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Suggest medication for depression

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Posted on Wed, 25 Nov 2015
Question: Thank you for answering my previous questions.
What is the antidepressant you prescribe? I am wondering if Cymbalta is right for me at this time. Previously I had been on Effexor for approximately 8-9 years.
Thank you
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Answered by Dr. Alexander H. Sheppe (1 hour later)
Brief Answer:
Consultation

Detailed Answer:
Thank you very much for reaching out and using my direct service. I now consider you my private patient, and will do everything in my power to help you!

You're most welcome regarding answering your previous questions. I feel like I have a good grasp on the basics of your situation, and hope to come to understand your story even better.

Antidepressants can require a lot of finesse. There are more than 15 to choose from. I always take a careful look at the particular type of depression from which the person is suffering, as well as the side effect profile of each antidepressant, and choose one that fits the person best.

It sounds like Effexor was useful for you for many years. Effexor belongs to the SNRI class of antidepressants. These are also used to treat chronic pain, and are thought to be a bit more "activating" than other antidepressants, meaning they are good for use in people for whom fatigue is a significant symptom. Cymbalta is the other main SNRI antidepressant. It actually makes good sense for you to try Cymbalta, because of your previous good response to Effexor -- often antidepressants in the same class are of similar efficacy for people, so if Effexor worked before, Cymbalta may work now. When I think through the many antidepressant options, I don't believe there is a more obvious or obviously superior choice of antidepressant for you. I think Cymbalta is your best bet.

This can be frustrating, because it can take up to 8 weeks for antidepressants to work. This is a long wait to see effects. Another option to consider is ECT, or electroconvulsive therapy. This involves being placed under general anesthesia and being delivered an electric impulse that induces a brief seizure. You repeat this process around 8-10 times over a few weeks. This is the most effective treatment we have in psychiatry, with over 90% success in treating depression, with no long-term side effects, and it works quickly, within a few weeks. This is a more dramatic measure, but it is an option especially for older people if your depression is becoming insufferable.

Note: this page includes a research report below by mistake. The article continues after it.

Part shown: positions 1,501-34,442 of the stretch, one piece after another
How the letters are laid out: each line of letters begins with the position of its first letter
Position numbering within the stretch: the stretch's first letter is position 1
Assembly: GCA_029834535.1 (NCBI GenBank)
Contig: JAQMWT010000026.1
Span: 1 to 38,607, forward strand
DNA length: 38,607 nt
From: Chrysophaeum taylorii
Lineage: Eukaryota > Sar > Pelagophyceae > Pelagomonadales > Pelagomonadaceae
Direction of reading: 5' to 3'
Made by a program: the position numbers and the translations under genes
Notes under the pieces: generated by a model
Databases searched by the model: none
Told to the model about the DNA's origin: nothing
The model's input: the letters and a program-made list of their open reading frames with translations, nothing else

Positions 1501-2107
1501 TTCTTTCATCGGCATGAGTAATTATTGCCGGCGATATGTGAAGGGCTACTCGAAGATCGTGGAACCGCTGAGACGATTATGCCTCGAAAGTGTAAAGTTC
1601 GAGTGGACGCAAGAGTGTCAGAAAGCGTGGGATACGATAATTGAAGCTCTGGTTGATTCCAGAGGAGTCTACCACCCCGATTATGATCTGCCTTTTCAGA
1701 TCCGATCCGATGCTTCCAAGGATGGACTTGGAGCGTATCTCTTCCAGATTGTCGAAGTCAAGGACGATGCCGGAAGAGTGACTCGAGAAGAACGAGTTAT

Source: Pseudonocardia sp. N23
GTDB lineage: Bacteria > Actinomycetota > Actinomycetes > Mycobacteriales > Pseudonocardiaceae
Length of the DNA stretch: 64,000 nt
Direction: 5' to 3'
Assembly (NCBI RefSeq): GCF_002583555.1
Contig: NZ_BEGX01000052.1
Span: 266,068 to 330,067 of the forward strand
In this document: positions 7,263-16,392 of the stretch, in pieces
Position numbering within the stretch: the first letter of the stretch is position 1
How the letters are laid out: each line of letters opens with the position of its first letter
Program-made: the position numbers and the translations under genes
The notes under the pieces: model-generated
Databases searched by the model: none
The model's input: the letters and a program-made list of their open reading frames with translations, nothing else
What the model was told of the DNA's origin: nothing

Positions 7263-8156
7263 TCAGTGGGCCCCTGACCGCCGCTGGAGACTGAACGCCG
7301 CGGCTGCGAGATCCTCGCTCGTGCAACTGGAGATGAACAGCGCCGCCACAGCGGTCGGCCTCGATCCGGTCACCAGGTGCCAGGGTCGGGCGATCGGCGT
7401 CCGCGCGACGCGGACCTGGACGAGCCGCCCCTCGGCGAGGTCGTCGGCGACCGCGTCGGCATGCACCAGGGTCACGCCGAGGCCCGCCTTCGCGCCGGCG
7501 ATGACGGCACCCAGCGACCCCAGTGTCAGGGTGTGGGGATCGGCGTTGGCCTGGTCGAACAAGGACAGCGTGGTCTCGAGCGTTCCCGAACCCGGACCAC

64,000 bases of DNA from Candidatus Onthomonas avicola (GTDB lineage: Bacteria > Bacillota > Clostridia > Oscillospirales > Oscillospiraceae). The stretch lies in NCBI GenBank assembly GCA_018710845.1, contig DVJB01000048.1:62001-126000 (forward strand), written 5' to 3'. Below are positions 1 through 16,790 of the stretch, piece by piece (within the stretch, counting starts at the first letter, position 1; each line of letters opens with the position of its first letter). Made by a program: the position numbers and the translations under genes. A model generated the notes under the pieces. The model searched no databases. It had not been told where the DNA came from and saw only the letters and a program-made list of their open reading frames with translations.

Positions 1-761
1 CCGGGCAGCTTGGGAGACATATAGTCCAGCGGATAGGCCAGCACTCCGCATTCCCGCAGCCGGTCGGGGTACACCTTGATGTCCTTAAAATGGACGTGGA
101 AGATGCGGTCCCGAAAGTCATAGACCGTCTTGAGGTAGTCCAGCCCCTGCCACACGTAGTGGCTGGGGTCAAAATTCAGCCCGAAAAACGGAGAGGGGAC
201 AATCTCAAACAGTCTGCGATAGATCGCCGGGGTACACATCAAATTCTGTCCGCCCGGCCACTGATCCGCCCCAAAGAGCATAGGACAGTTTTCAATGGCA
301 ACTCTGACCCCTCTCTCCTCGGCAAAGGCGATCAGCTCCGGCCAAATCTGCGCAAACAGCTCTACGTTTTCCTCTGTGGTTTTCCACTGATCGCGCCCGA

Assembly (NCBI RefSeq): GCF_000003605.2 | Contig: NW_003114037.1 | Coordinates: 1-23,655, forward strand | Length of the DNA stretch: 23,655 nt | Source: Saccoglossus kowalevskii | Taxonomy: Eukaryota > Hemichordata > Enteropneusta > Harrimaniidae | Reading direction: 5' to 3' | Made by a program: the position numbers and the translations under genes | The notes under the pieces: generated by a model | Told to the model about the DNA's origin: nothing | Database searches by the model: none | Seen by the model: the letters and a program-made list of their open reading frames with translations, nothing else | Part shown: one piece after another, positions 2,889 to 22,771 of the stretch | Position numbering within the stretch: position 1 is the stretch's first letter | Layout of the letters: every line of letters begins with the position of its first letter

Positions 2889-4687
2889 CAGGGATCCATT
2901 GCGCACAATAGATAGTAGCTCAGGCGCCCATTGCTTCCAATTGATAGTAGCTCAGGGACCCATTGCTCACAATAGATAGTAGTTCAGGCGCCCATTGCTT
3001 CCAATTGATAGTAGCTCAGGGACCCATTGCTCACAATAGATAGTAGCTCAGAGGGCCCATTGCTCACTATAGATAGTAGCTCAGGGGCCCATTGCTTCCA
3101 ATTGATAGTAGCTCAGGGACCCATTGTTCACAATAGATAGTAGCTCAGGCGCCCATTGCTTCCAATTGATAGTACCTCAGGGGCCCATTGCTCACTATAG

For now, I recommend sticking with the Cymbalta. Give it some time to work. I do think it's the appropriate choice for you.

Dr. Sheppe
Above answer was peer-reviewed by : Dr. Vinay Bhardwaj
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Dr. Alexander H. Sheppe

Psychiatrist

Practicing since :2014

Answered : 2238 Questions

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Suggest medication for depression

Brief Answer: Consultation Detailed Answer: Thank you very much for reaching out and using my direct service. I now consider you my private patient, and will do everything in my power to help you! You're most welcome regarding answering your previous questions. I feel like I have a good grasp on the basics of your situation, and hope to come to understand your story even better. Antidepressants can require a lot of finesse. There are more than 15 to choose from. I always take a careful look at the particular type of depression from which the person is suffering, as well as the side effect profile of each antidepressant, and choose one that fits the person best. It sounds like Effexor was useful for you for many years. Effexor belongs to the SNRI class of antidepressants. These are also used to treat chronic pain, and are thought to be a bit more "activating" than other antidepressants, meaning they are good for use in people for whom fatigue is a significant symptom. Cymbalta is the other main SNRI antidepressant. It actually makes good sense for you to try Cymbalta, because of your previous good response to Effexor -- often antidepressants in the same class are of similar efficacy for people, so if Effexor worked before, Cymbalta may work now. When I think through the many antidepressant options, I don't believe there is a more obvious or obviously superior choice of antidepressant for you. I think Cymbalta is your best bet. This can be frustrating, because it can take up to 8 weeks for antidepressants to work. This is a long wait to see effects. Another option to consider is ECT, or electroconvulsive therapy. This involves being placed under general anesthesia and being delivered an electric impulse that induces a brief seizure. You repeat this process around 8-10 times over a few weeks. This is the most effective treatment we have in psychiatry, with over 90% success in treating depression, with no long-term side effects, and it works quickly, within a few weeks. This is a more dramatic measure, but it is an option especially for older people if your depression is becoming insufferable. For now, I recommend sticking with the Cymbalta. Give it some time to work. I do think it's the appropriate choice for you. Dr. Sheppe